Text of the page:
“The Bogart suspense picture with the surprise finish!”: the ending of In a Lonely Place

Nicholas Ray’s searing anti-climax, added on at the very last moment of the shoot, is one of the few genuinely tragic endings in film noir

In a Lonely Place (1950)

Posters touted In a Lonely Place (1950) as “the Bogart suspense picture with the surprise finish!” This was false advertising, since there is nothing in the ending that you don’t see during the opening credits. It is all there in the eyes of Dixon Steele (Humphrey Bogart), refected in a rear-view mirror as he drives the dark streets of Hollywood. His eyes are wary, hunted, glittering with seeds of rage – but above all, they are bleak. They are eyes that have already seen the end, even if Dix himself doesn’t know it yet.

When he meets Mildred Atkinson (Martha Stewart), a hat-check girl who is reading the trashy bestseller he’s supposed to adapt for the screen, she confides: “I already know the end. I always read that first.” The line strikes a chord you don’t catch at the time. Mildred is close to her own very unexpected end, since she will be murdered the same night.

In a Lonely Place (1950)

Her death brings Dix together with Laurel Gray (Gloria Grahame), his alluring neighbour; but their affair, conducted under a cloud of police suspicion over Mildred’s murder, is threatened from the start by Dix’s unpredictable violence and Laurel’s habit of running away from things. After one ugly scene, he recites to her some lines he has written for his screenplay: “I was born when she kissed me. I died when she left me. I lived a few weeks while she loved me.” He’s not sure where the lines should go. Laurel suggests, “The farewell note?” It seems that – like Mildred – they already know the end.

There are many movies about Hollywood, many movies about movies. But In a Lonely Place is above all about the art of storytelling that lies at the heart of Hollywood cinema. The screenplay (credited to Andrew Solt, but heavily rewritten by director Nicholas Ray) is both a meditation on screenwriting and an example of the form at its finest. Dix constantly views life through a lens of narrative: when he tells his agent about matching wits with a police detective (“It was his story against mine – but, of course, I told mine better”); when he talks a friend and his wife through Mildred’s murder as he imagines it; or when he uses an ordinary morning routine as a lesson in writing a good love scene.

But Dix can’t write or direct the scenes in his life: he can’t control his anger or Laurel’s mounting distrust of him; he can’t stop driving her away with his possessiveness. That breakfast scene is not really about a couple in love but about a couple whose love is strained to breaking point. But he’s right that the scene – unsettling and sad and funny all at once – is a lesson in good writing.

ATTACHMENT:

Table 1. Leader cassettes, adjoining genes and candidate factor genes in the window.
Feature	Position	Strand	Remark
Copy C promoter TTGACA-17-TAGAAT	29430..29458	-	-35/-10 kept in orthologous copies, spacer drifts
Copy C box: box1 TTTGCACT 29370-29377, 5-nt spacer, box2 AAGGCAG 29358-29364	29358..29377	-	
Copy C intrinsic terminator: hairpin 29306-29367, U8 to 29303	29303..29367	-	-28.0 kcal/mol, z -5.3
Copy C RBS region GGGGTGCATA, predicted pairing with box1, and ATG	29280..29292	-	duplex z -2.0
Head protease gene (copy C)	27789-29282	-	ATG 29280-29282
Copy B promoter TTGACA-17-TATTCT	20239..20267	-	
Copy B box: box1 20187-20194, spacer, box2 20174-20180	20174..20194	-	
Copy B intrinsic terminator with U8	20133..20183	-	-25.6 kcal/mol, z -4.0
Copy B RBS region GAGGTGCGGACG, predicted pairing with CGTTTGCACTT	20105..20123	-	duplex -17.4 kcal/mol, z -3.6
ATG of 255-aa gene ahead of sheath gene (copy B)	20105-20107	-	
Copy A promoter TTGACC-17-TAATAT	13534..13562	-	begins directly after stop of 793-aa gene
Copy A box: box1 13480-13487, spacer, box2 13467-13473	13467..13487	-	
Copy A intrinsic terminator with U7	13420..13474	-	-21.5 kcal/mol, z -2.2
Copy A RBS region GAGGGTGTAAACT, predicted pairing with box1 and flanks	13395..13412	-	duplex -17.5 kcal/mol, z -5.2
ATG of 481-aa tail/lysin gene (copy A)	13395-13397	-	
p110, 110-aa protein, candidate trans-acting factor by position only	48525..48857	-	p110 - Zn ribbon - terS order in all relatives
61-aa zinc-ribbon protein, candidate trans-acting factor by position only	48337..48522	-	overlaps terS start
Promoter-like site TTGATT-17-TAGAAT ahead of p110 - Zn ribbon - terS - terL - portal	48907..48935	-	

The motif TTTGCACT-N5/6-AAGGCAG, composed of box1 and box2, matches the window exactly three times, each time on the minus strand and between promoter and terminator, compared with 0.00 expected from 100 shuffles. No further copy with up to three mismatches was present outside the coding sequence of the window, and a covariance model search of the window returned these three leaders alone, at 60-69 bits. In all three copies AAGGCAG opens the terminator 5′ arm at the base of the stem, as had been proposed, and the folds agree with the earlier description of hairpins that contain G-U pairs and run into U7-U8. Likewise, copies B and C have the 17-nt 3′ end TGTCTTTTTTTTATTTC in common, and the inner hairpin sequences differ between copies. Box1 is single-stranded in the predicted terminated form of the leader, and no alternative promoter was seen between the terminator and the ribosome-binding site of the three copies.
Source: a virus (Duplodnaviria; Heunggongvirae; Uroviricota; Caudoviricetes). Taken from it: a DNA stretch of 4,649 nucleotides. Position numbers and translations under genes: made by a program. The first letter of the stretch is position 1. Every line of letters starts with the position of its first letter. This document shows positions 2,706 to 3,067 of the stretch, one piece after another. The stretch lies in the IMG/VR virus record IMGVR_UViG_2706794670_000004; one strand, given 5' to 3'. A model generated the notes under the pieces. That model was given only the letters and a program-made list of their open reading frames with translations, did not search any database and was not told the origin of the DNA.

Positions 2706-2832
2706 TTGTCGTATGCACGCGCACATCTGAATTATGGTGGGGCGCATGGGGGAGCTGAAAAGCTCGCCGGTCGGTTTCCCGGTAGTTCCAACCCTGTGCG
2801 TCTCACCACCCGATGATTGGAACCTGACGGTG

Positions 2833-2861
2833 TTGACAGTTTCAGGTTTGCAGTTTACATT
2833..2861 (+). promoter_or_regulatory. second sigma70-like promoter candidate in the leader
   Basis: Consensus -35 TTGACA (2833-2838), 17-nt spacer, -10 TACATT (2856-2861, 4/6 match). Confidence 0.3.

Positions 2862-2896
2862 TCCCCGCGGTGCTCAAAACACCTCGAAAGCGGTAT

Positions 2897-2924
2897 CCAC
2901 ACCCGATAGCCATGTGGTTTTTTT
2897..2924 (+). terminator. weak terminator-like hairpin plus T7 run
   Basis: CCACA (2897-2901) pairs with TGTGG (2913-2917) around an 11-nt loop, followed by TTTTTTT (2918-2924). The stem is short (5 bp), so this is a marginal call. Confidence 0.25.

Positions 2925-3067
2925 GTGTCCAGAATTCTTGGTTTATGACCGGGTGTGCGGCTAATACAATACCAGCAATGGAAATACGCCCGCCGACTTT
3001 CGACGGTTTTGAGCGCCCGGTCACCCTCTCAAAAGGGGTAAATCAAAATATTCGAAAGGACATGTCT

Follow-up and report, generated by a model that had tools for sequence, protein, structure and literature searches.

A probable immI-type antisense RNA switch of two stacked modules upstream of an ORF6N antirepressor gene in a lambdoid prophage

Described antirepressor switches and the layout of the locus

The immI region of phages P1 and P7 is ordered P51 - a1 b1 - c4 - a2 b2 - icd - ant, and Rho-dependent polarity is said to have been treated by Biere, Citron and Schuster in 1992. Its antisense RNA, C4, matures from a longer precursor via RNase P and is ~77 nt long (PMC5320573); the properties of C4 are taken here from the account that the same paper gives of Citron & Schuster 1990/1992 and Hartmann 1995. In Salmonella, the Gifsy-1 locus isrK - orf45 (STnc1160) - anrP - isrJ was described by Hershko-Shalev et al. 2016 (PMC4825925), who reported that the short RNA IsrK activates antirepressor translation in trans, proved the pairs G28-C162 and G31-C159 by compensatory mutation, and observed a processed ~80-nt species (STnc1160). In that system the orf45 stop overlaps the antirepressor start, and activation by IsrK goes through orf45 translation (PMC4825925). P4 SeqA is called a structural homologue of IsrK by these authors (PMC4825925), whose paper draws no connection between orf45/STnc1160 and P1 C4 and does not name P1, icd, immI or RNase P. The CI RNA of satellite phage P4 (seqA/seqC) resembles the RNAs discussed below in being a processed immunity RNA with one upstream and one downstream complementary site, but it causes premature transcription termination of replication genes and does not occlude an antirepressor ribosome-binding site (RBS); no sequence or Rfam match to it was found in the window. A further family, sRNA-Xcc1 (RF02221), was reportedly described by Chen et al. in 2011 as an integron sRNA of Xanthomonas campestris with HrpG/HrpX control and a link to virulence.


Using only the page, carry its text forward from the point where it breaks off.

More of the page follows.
In a Lonely Place (1950)

The original screenplay ended with Dix strangling Laurel in a jealous rage and then sitting down to type the final words of his screenplay (“I was born when she kissed me…”) before the police arrive. Ray shot this contrived, heavy-handed ending but immediately thought better of it; instead, he improvised a scene in which the attack is interrupted by a phone call from the police, who tell the couple that Dix has been cleared of suspicion. This good news comes too late and Dix walks away without a word, following a neatly landscaped path into a hopeless future.

This anticlimax, with its drained and burned-out flavour, is one of the few genuinely tragic endings in film noir. With all its deaths and defeats, noir rarely breaks your heart: cynicism and fatalism are defences against heartbreak. But Ray’s romantic temperament was never hardened against disillusionment. In a Lonely Place is about the lovers’ inability to transform themselves, to escape from the fixed orbits of their barren lives.

But the love that they share is so alive, so captivating in its blend of easy intimacy and appreciative surprise, that for a fleeting moment we believe it will save them both. As we watch them pull apart, we are torn by an anguished ability to see both sides – what is irresistible and what is unforgivable in this man and this woman. When Laurel recites Dix’s words with one crucial change (“I lived a few weeks while you loved me”), she translates them from movie poetry into what feels almost unbearably like real life.

  • This article first appeared in the March 2015 issue of Sight and Sound.